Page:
Yes, there are.
The C.Crane CCRadio 2E
First on my list would be the C.Crane CCRadio 2E (or CCRadio3). It receives AM, FM, NOAA Weather Band with Weather Alert and the 2-Meter Ham Band. It will run on house power or, if the lights are out, over 200 hours on batteries. By all accounts, it offers excellent performance on AM and FM, and it is one of the most sensitive NOAA weather radio receivers I have tested. I bought one and can heartily recommend it.
CC Skywave SSB
The CCrane Skywave SSB receives AM, FM, NOAA Weather band plus Alert, Shortwave (1711-29.999MHz) with SSB, VHF Aviation Band. It doesn’t receive the 2 meter ham band, but it will receive hams on HF frequencies, which might come in handy in an emergency. It is not quite as sensitive as the CCrane 2E on NOAA weather frequencies, but, as I reported last year it was the most sensitive NOAA weather radio receiver I took to Sodus, NY. It is very small and portable and will run for over 50 hours on batteries. I bought one and can heartily recommend it.
The Eton FRX3+
The Eton FRX3+ is an interesting alternative for a “when the lights go out” radio. This battery-powered radio receives AM, FM, and NOAA weather radio with alert. It has a couple of LED lights for navigating in the dark and can be charged by a built-in solar panel, hand-crank, or USB cable, and can even be used to charge your cell phone. Eton Corp. sent me one of these, and I find that it offers worthy performance on AM and FM, and excellent sensitivity on NOAA weather radio. Recommended.
In the future, I hope to offer some additional useful information about NOAA weather radio as well as a comparison of different ways to receive NOAA weather radio, including dedicated weather radio, consumer radio, scanner, and ham handi-talkie.
For me, DXing has always been about the challenge of receiving difficult-to-hear radio stations, regardless of the type of station or frequency range. In my five decades in the radio hobby I’ve logged a lot of different kinds of stations – shortwave broadcast, medium wave, shortwave utility, longwave beacons, etc. But some of my favorite catches have been in the upper end of the medium frequency range.
Technically speaking, medium frequency (MF) is the range from 300 to 3000 kHz and includes the standard medium wave (AM) broadcast band. The upper end of the MF band, from 1600 to 3000 kHz (except for a small portion reserved for amateur radio), has always been assigned to various types of utility uses including broadcasts and other voice communications from regional maritime stations. And while digital modes and satellites have done a lot to change the nature of communication with ships at sea, there is still a lot of good human-voice DX to be heard.
Several dozen stations, mostly in Europe and North America, broadcast regularly scheduled marine information broadcasts in the MF range. These broadcasts are usually between five to ten minutes in length and include weather forecasts, navigational warnings, and other notices to keep ships at sea safe. On occasion it’s possible to hear two-way voice communication here between ships and shore stations, although that’s much less common today.
Nothing special is needed to DX the marine MF band other than a receiver that covers the frequency range and can receive USB mode (which all these broadcasts are in). However, for reasons explained below, I highly recommend using an SDR to make spectrum recordings of the entire band to go through later. Continue reading →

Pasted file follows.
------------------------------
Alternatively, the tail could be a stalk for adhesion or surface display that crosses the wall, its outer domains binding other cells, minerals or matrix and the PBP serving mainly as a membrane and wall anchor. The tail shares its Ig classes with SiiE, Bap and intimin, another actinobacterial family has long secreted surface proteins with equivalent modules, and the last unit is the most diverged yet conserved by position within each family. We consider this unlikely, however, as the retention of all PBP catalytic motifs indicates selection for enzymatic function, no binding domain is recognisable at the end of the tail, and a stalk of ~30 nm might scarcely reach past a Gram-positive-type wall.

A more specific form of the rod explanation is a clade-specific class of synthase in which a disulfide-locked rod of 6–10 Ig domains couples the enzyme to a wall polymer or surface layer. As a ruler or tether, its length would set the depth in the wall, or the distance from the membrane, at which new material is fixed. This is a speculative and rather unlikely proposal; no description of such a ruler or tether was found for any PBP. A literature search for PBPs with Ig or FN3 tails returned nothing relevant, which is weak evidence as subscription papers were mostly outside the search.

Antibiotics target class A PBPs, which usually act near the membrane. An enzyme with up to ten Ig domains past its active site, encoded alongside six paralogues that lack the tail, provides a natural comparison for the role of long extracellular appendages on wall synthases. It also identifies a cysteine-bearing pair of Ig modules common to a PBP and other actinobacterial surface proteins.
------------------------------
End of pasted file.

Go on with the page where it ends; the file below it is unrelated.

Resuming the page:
Many thanks to SWLing Post contributor, Jock Elliott, who shares the following guest post:
Perhaps the ultimate radio nerd story . . .
by Jock Elliott (KB2GOM)
Perhaps I am the only guy on planet earth with a “kinda” interest in DXing NOAA weather radio, but there you have it, and this led me down an interesting rabbit hole in the world of radio.
Earlier this year, I found myself in Sodus, NY, in the western part of the state, near the shores of Lake Ontario. I had with me the following: an Icom V80 2-meter handy-talkie with a sharply tuned commercial antenna that works great on my home repeater (146.94) in Troy, NY; a Uniden BC125AT scanner with a Diamond 77 antenna, and a CCrane Skywave SSB. All receive the NOAA weather channels.
In the early morning, I checked www.wunderground.com for weather in the Sodus area. Snow was expected overnight. So I grab the Uniden 125AT, activate the weather scan function, and found that it received NOAA weather radio channels 1, 2, and 3, and the audio sounded great through my headphones. I tried stepping through the weather radio channels on my Icom V80 and found that it received channels 1, 2, and 3, but with just a wee bit of static in the background. I tried switching the antennas between the 125AT and the V80, and there was no appreciable difference.
Now, here’s the interesting part: I tried the same trick on the CCrane Skywave SSB with its telescoping whip fully extended, and it received weather channel 1 just fine with excellent audio through the headphones. But channel 2 was way down in the soup, a hair above “barely audible.” I tried waving the Skywave around, point the whip antenna in different directions and orientations to see if I could improve the signal. I succeeded only in nulling it out. Weather radio channel 3 was not audible at all, but channel 4 was coming in well, and so was channel 7 . . . and the other two radios were not receiving channels 4 and 7 at all.
Frankly, I didn’t know what to make of this. To be clear, I was able to hear that forecast that I needed to hear — for Wayne County, NY — on all three radios. But why would there be such a stark difference between the CCrane Skywave SSB and the other two radios?
At this point, I was really curious what the answer might be.
The V80 and the 125AT “agreed” with each; both were receiving NOAA weather radio channels 1, 2, 3. The CCrane Skywave SSB appeared to be the anomaly, receiving channels 1, 2 (barely), and 4 and 7, which the V80 and 125AT did not receive.